Going out to eat? Learn how to make smarter choices

Going out to eat? Learn how to make smarter choices

6 min read
Going out to eat? Learn how to make smarter choices

People with cancer can have ongoing symptoms like nausea, mouth sores or changes in appetite or taste that can be related to cancer and its treatment. These symptoms can make it hard to enjoy some of the foods you normally eat. In addition, people with cancer can be prone to infection, including infection from undercooked and unsafe foods.

These issues can make it challenging to dine out at a restaurant or attend a family or other social gathering that involves food. There are some steps you can take, however, to help you prepare for and make the most of events that involve food, while also keeping food safety in mind.

Plan ahead and communicate your needs

By planning ahead and communicating your needs, you can make sure that you have foods to choose from that will be appropriate for you.

Attending a social gathering

  • Before the event, let family or friends know about your special needs so they can have foods available that you can tolerate
  • Bring your own foods that you know you can tolerate as a backup, in case you cannot find something suitable to eat
  • Bring small snacks and meals that travel easily, such as granola bars, trail mix, sandwiches, wraps and pasta dishes
  • Be aware of how food is served. Don’t eat any foods that haven’t been kept at the right temperature. For example, bowls of mayonnaise-based salads kept outdoors should be over ice and grilled chicken and burgers shouldn’t be left outside for more than an hour in warm weather. When in doubt, it’s best to avoid buffets and food that you think may not have been prepared or stored safely

Eating out

  • Bring an index card or piece of paper with a list of the foods you are not able to tolerate. For example, if you have nausea, your list may include fried foods, spicy foods, high-fat foods and strong-smelling foods like fish, eggs and strong spices
  • If possible, choose a restaurant where you’ve eaten before and are comfortable with the menu and the surroundings
  • Don’t be afraid to speak up. Ask your server about the ingredients and how the food on the menu is prepared so that you can see which menu items would be best for you
  • Ask your server to help with your special needs. For example, you can ask to have your chicken baked or broiled, rather than fried, or to have cheese left out of a dish to make it lower in fat
  • Be cautious about buffets at restaurants. Buffets can easily be contaminated by other people touching the food or possibly coughing or sneezing near it. Also, if buffet food isn’t kept at the proper temperature, it can grow bacteria that can make you sick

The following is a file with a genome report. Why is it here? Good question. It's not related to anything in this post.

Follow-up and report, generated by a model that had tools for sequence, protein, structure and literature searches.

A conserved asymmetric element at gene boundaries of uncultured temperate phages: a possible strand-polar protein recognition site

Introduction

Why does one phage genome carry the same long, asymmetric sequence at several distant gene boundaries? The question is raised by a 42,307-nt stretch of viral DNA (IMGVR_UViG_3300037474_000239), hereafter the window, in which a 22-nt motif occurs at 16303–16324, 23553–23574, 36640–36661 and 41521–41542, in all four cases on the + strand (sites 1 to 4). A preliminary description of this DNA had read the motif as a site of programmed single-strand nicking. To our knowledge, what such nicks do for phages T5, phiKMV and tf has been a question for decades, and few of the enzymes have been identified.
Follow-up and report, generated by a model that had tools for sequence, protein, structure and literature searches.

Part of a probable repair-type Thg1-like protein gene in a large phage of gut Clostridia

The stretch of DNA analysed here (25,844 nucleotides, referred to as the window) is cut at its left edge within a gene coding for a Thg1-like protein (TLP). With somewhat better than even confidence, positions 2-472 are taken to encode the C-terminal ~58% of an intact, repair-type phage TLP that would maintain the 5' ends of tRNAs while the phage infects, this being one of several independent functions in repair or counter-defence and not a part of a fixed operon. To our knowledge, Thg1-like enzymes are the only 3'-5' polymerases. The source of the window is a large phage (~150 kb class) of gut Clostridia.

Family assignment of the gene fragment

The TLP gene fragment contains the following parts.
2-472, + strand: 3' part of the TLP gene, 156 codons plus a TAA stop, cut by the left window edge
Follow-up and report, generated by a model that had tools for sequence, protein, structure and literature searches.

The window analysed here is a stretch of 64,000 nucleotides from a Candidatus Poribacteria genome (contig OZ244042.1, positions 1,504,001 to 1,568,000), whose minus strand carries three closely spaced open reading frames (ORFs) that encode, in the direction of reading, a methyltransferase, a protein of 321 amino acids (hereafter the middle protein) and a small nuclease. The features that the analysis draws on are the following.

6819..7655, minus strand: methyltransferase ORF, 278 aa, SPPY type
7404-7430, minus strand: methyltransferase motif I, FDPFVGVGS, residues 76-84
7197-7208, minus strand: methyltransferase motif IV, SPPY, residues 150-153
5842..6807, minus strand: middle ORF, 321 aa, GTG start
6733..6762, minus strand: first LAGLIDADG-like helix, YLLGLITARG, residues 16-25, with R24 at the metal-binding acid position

Avoid high-risk foods that may carry harmful bacteria

  • Cold hot dogs and deli meats
  • Undercooked meats, poultry and eggs
  • Undercooked seafood such as sushi and ceviche
  • Soft, unpasteurized cheese
  • Unpasteurized or raw milk
  • Unwashed fruits and vegetables
  • Raw sprouts (such as alfalfa and bean sprouts)


¨ Eat at restaurants where you feel comfortable and where the waitstaff will take the time to address your food needs. Plan ahead and bring a list of foods you can and cannot eat.

¨ Tell your family and friends which foods you can and cannot eat so they can plan to have foods you can tolerate.

¨ Bring your own snacks and meals to restaurants and social gatherings when you’re concerned that you won’t find foods there that you can eat.

¨ Be aware of food safety and avoid high-risk foods when eating out and attending social gatherings and outdoor BBQs.

¨ Choose nutritious options when dining at restaurants.

Suggestions for healthy and tolerable dining options

While planning ahead can help relieve the stress of having meals outside of your home, it may still be hard to know what to choose. This can be especially hard if you have symptoms that bother your digestive system like nausea, vomiting, diarrhea, indigestion, or gas and bloating. This chart will give you ideas for healthier, more tolerable foods to choose, as well as foods to avoid.




 Soft cheese made from unpasteurized (raw) milk

✓ Hard or processed cheeses. Soft cheeses only if they are made from pasteurized milk

 Refrigerated smoked seafood and raw or undercooked seafood

✓ Fully cooked fish or seafood

 Cold or improperly heated hot dogs

✓ Hot dogs reheated to steaming hot. If the hot dogs are served cold or lukewarm, ask to have them reheated until steaming, or else choose something else

 Sandwiches with cold deli or luncheon meat

✓ Grilled sandwiches in which the meat or poultry is heated until steaming

 Raw or undercooked fish, such as sashimi, non-vegetarian sushi or ceviche

✓ Fully cooked fish that is firm and flaky

 Soft-boiled or “over-easy” eggs, as the yolks are not fully cooked

✓ Fully cooked eggs with firm yolk and whites

 Salads, wraps or sandwiches containing raw (uncooked) or lightly cooked sprouts

✓ Salads, wraps or sandwiches containing cooked sprouts

This information comes from “Food Safety for People With Cancer” Guide from the Food and Drug Administration. Read more at https://www.fda.gov/media/83710/download.

This article has general information and is not meant to replace nutritional or health guidance that is specific to any individual. Speak to your healthcare provider before making any changes to your diet or lifestyle. Consult with a registered dietitian if you are on a restricted or modified diet.